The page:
Volunteer Sara Jimerson, of Detroit, sweeps a sidewalk on Liberal Street between Gratiot and Hayes as part of a neighborhood rehabilitation project organized by the Youth Community Agency July 28.

Volunteer Sara Jimerson, of Detroit, sweeps a sidewalk on Liberal Street between Gratiot and Hayes as part of a neighborhood rehabilitation project organized by the Youth Community Agency July 28.

Photo by Sean Work


Nonprofit works to improve east side neighborhood

By: Brendan Losinski | Advertiser Times | Published August 2, 2018

 Messiah Hussey, 2, of Roseville, pitches in to lend a hand as he helps his dad, Tamone, with the construction of a free library box during a neighborhood cleanup organized by the Youth Community Agency July 28.

Messiah Hussey, 2, of Roseville, pitches in to lend a hand as he helps his dad, Tamone, with the construction of a free library box during a neighborhood cleanup organized by the Youth Community Agency July 28.

Photo by Sean Work

DETROIT — On July 28, members of the Youth Community Agency took to the streets of a northeast Detroit neighborhood to help improve the community.

The YCA is a nonprofit that tries to engage young people to take positive action for themselves and their neighbors. The group’s founder, Rodnesha Ross, said the neighborhood they chose to improve was picked because it has a special meaning to her.

“I chose this area because I live here and grew up here,” said Ross. “When I was young, a woman in the neighborhood committed her time to cleaning up the community, and it made a big impression on me. I want to bring it full circle and make an impression on young people like my nieces and nephews who are here today.”

Volunteers spent the day addressing unoccupied houses and building community resources in a public space that they wanted to turn into a community park.

“What we’re doing today is going from Liberal (Street) and Gratiot to Liberal and Hayes,” said YCA member Darnell Carter. “We’re going to board up as many houses as possible. The area here (also has) sort of a community park. We collected tires to border the area and we’re planting in them, (as well as) these beds we’re putting in. We’re also doing some general cleaning.”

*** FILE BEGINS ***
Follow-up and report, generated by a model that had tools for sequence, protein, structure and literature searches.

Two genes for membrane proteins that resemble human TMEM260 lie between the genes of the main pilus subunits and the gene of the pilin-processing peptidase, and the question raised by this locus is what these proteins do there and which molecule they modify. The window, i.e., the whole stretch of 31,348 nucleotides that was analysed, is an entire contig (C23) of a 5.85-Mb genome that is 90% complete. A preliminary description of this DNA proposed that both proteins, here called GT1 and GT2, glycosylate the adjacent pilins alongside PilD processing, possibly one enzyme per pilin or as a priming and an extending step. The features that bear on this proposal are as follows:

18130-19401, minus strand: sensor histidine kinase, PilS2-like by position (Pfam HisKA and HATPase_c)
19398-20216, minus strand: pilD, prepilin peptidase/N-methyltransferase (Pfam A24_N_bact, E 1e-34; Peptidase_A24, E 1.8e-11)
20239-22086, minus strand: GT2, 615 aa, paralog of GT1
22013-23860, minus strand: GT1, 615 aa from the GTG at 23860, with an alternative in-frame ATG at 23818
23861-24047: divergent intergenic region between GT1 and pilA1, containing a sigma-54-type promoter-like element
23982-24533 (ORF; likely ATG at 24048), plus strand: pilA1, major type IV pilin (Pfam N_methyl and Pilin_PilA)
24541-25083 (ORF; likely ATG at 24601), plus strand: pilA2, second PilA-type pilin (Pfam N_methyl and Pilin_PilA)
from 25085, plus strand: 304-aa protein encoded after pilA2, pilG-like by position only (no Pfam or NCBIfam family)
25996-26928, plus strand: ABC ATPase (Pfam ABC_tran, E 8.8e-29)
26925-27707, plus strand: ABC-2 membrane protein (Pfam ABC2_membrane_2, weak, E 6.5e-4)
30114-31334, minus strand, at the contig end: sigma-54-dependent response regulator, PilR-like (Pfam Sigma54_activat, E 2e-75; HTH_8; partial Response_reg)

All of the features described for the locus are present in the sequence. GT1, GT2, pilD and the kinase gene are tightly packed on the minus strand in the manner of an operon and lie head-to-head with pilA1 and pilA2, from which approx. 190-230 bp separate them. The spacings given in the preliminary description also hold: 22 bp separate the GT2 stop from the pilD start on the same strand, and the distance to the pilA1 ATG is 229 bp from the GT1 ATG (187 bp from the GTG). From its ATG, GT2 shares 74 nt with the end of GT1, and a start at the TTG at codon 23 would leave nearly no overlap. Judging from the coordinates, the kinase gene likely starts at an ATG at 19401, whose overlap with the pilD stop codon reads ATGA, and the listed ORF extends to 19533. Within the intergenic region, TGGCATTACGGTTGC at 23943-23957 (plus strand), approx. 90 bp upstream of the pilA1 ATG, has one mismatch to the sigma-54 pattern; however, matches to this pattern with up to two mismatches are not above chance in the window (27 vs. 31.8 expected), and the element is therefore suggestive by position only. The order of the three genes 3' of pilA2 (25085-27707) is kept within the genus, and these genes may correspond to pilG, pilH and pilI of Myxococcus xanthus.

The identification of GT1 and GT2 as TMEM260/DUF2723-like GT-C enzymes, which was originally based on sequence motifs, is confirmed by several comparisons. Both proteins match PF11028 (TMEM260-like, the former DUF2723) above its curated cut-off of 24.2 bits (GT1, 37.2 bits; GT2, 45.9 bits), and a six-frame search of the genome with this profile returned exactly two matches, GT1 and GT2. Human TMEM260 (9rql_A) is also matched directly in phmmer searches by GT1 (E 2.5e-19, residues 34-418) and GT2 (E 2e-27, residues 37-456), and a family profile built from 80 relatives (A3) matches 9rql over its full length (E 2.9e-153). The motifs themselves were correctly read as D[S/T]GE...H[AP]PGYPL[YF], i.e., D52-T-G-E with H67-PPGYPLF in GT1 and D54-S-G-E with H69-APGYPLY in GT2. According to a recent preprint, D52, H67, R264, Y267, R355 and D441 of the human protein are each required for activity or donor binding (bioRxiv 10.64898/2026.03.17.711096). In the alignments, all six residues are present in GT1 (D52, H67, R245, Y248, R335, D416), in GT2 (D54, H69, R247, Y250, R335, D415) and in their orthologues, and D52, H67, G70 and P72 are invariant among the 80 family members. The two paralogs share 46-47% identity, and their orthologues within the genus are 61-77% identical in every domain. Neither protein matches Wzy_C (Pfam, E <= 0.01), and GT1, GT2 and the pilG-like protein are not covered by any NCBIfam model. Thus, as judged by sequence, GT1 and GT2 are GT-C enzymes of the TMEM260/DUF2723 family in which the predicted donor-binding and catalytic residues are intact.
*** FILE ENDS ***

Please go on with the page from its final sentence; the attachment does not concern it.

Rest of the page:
YCA member Tamone Hussey said completing the project wasn’t just about that day, but about inspiring others in the future.

“I’ve got my kids with me so I can teach them young to get involved and not give up on this city. … It’s so important to give back,” he said. “I want to set a good example for my kids, but it also helps get them away from the TV and video games and doing something outside.”

Hussey said he was attracted to the YCA because it was a group that was being proactive about helping make things better.

“I’m helping plant today, and helping build a free community library box for the kids here,” Hussey added. “I like the Youth Community Agency because I saw an organization that’s not ignoring the abandoned homes and other problems, and is a positive aspect on the neighborhood.”

The YCA is hoping to keep up its momentum with some upcoming projects in the same area.

“We’re helping to do an art walk in a few weeks. We also want to plant fall crops in the plant boxes here for sort of a fall harvest,” said Ross. “We also want to rent some of the homes out to low-income families. That way, they can stabilize themselves and help stabilize the neighborhood.”

Ross hopes more people will be inspired to pitch in and take action to make their neighborhoods better.

“I think the first thing to do is seek out any community meetings going on in that community or district,” she said. “Also, check to see if there are any established block clubs you can get involved with or build off of. After that, it’s just a matter of getting out and getting your hands dirty.”

People can learn more about the organization at its website, www.youthcommunityagency.org.

“We just want to see some change,” said Carter. “We have a known dope haven in this neighborhood, and people have overdosed there, and we want to get that out of here. Officials are limited in what they can do, so this is us policing our own community. If we don’t change it, it’s going to change on its own, and it will do it in a way you don’t want it to.”